Tuesday, April 6, 2010

Building a Deck from an Eyesore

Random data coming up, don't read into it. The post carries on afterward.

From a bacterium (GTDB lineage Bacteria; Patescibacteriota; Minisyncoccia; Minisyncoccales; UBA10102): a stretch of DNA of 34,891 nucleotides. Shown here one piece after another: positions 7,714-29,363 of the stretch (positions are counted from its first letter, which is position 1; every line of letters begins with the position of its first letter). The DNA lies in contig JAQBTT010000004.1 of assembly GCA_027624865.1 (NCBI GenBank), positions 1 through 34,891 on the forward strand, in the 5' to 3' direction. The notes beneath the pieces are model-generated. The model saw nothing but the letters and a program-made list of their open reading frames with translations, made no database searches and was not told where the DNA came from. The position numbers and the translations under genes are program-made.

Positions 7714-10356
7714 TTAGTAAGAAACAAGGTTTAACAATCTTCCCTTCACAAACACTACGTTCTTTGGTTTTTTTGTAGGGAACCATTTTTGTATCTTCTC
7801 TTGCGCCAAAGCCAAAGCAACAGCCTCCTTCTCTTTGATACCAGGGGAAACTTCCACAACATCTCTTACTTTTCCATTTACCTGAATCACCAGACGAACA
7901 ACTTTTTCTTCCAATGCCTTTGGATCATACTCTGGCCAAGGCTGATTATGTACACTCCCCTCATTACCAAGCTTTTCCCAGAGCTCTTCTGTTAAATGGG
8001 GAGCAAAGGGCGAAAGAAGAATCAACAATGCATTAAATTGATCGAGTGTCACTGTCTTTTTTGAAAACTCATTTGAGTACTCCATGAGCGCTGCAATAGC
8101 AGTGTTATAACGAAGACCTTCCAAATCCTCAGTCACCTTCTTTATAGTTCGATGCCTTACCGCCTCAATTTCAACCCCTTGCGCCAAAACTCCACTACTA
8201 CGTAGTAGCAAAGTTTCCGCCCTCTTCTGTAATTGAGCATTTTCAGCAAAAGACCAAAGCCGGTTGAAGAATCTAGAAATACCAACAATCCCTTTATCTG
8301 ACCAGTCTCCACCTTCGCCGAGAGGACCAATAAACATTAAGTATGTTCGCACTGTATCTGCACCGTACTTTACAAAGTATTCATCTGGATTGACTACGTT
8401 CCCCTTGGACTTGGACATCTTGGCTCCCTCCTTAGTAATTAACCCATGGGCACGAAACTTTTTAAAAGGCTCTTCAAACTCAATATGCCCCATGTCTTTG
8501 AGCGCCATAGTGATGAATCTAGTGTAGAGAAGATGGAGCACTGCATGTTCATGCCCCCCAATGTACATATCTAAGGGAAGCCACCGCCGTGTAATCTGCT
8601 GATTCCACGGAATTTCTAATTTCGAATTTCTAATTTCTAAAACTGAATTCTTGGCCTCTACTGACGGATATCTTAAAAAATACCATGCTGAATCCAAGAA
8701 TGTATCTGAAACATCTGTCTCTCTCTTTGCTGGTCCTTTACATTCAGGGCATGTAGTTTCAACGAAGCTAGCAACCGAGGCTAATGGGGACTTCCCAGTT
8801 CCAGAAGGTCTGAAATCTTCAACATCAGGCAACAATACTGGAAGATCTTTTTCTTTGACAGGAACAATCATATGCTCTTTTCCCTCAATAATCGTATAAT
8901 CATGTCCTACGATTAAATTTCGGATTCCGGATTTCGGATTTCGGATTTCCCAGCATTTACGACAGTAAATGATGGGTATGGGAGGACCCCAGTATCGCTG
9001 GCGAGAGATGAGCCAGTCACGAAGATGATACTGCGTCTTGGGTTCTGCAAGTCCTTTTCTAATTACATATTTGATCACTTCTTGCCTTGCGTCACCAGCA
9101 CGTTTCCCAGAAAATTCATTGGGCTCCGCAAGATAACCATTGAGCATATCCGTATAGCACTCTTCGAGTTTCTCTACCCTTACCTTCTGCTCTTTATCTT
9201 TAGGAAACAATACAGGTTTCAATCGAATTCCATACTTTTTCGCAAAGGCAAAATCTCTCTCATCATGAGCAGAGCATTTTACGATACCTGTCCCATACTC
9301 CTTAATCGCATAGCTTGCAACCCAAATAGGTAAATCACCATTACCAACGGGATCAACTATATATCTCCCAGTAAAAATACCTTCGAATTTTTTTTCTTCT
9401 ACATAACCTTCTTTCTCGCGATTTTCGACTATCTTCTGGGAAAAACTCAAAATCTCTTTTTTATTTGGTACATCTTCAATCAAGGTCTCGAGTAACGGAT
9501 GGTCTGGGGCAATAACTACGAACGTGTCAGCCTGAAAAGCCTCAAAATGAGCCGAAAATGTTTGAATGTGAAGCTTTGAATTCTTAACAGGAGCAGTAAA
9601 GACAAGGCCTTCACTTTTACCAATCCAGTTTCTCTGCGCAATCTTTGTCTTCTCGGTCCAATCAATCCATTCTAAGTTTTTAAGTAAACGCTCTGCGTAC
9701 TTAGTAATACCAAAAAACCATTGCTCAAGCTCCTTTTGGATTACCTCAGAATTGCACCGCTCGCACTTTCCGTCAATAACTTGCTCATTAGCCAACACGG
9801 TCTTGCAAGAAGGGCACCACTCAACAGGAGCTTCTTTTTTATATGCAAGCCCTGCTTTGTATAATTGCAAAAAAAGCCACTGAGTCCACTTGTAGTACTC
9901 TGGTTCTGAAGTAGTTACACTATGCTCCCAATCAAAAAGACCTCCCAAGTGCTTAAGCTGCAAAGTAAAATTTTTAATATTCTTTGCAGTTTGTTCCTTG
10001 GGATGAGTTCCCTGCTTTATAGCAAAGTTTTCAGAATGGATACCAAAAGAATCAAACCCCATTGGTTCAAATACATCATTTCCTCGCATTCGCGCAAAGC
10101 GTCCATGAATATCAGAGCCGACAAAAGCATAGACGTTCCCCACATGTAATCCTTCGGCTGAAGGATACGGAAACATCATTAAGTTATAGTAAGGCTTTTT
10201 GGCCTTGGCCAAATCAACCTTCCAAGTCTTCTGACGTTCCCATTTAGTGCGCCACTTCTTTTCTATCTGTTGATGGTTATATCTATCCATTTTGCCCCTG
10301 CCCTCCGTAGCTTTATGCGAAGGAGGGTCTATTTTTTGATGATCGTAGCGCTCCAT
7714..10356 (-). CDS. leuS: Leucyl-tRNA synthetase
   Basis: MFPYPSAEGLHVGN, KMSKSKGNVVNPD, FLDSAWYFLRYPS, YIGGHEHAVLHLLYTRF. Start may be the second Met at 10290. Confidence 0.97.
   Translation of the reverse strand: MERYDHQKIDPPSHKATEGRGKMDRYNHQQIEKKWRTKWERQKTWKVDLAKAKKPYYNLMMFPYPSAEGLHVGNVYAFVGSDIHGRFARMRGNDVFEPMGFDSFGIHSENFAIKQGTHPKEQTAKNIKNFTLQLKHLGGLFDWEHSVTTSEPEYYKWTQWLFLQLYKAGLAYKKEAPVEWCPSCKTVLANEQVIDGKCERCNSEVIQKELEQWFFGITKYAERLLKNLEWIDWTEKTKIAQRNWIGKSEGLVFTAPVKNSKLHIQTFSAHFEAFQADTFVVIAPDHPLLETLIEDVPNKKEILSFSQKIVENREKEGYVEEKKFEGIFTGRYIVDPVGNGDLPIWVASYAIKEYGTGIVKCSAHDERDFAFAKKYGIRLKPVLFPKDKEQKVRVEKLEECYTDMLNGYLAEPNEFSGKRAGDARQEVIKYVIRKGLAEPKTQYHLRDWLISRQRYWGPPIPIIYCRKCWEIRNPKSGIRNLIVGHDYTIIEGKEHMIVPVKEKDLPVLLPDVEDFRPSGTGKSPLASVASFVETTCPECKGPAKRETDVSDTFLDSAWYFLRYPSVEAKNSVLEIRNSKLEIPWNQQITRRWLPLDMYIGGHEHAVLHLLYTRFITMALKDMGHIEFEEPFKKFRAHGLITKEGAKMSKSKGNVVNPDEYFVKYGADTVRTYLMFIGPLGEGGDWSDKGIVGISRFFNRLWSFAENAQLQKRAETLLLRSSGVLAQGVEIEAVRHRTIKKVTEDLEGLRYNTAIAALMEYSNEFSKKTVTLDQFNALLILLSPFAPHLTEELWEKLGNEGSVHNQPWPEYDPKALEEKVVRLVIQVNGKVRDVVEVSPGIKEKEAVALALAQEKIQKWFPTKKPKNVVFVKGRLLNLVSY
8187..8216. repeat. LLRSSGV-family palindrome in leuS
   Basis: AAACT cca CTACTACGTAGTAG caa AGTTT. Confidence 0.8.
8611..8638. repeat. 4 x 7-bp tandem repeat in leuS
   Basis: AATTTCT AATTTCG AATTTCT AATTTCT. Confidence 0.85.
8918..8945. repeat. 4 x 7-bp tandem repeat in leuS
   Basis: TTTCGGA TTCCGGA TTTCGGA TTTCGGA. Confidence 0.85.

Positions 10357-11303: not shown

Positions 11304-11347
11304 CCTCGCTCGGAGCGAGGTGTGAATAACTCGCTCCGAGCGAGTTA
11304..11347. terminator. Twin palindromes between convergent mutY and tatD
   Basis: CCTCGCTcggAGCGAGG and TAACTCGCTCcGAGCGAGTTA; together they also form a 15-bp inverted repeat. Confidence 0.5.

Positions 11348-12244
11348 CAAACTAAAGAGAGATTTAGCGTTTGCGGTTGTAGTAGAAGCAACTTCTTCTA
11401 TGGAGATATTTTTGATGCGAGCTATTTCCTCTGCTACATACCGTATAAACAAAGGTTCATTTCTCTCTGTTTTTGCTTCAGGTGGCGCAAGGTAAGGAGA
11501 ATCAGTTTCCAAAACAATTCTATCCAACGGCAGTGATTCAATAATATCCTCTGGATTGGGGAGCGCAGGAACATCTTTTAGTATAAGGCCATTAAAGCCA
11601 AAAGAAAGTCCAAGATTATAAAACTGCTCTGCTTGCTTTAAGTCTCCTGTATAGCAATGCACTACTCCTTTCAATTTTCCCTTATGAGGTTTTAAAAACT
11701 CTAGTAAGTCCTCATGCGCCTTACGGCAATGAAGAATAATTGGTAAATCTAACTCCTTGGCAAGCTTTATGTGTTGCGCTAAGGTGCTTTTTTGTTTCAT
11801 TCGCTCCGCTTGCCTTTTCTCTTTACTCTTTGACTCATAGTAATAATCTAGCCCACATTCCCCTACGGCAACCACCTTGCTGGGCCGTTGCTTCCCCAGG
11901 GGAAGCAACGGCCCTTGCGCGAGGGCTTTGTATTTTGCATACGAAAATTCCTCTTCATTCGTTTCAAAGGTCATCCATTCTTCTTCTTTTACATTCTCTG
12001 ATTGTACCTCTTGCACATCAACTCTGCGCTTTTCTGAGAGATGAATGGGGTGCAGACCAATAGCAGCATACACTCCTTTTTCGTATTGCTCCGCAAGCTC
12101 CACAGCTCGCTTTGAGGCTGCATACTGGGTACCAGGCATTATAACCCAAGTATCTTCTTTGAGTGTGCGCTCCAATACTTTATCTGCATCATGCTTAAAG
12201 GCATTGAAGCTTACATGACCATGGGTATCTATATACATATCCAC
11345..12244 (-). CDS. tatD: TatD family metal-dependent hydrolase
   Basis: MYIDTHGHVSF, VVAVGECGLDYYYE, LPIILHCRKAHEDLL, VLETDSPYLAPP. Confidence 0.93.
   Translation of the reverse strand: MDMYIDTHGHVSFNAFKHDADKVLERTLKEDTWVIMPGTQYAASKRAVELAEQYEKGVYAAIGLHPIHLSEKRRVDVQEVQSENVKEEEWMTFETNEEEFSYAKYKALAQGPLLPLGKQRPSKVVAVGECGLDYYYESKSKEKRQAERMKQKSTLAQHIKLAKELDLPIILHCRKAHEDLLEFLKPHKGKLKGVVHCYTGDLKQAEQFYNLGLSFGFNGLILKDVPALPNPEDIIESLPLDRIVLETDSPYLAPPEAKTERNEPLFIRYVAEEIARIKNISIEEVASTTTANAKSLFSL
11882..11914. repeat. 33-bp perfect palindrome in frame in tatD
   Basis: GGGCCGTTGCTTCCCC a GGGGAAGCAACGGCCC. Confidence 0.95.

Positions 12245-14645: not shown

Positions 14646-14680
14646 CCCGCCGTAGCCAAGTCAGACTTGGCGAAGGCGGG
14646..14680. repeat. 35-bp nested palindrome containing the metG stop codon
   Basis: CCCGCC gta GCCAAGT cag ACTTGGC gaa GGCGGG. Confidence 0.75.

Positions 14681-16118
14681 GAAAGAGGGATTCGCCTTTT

A very close friend of mine bought a house a few years ago in a mostly rural part of the country. It had been purchased previously as a flip but the other owners defaulted and my friend, I'll call her Bunny, bought it, mostly finished, from the bank. Bunny and her husband are handy enough that they were able to finish the little things that were still left, like trimming the closets. Both the front and the back of the house have decks, the back one is nice, with a railing, and large enough to entertain. The front one? Well, I love Bunny but it was an eyesore. At some stage (pre-purchase) the railings were taken down and the steps removed. The planking had a chevron pattern, a fav of mine, but there were weird cut-out sections where the planks ran parallel to the house. It was large. Very large for a front deck and had trellis slapped on the front, at some better time, painted white. They have a substantial setback from the street, so the deck only looked weird up close. It overwhelmed the front of the house. Bunny loves to garden and is very creative and good at it, but landscaping around the deck seemed futile. They had stopped using the front door since the back door was as convenient and safer. Bunny's husband, father and father-in-law had all taken tools of destruction to this deck, pulling planks and seeing what might be done with it. They discovered a woodchuck living underneath and maybe wild rabbits. When asking me for advice on what to replace the front deck with, I suggested that if the structure was sound, it could be cut down and reused into a much smaller front door landing. This was the route they took. Since it would be easier to see for myself and lend a hand, off I went for a weekend. I will admit, Bunny recently had a baby boy and I really wanted to meet and play with him, ulterior motives.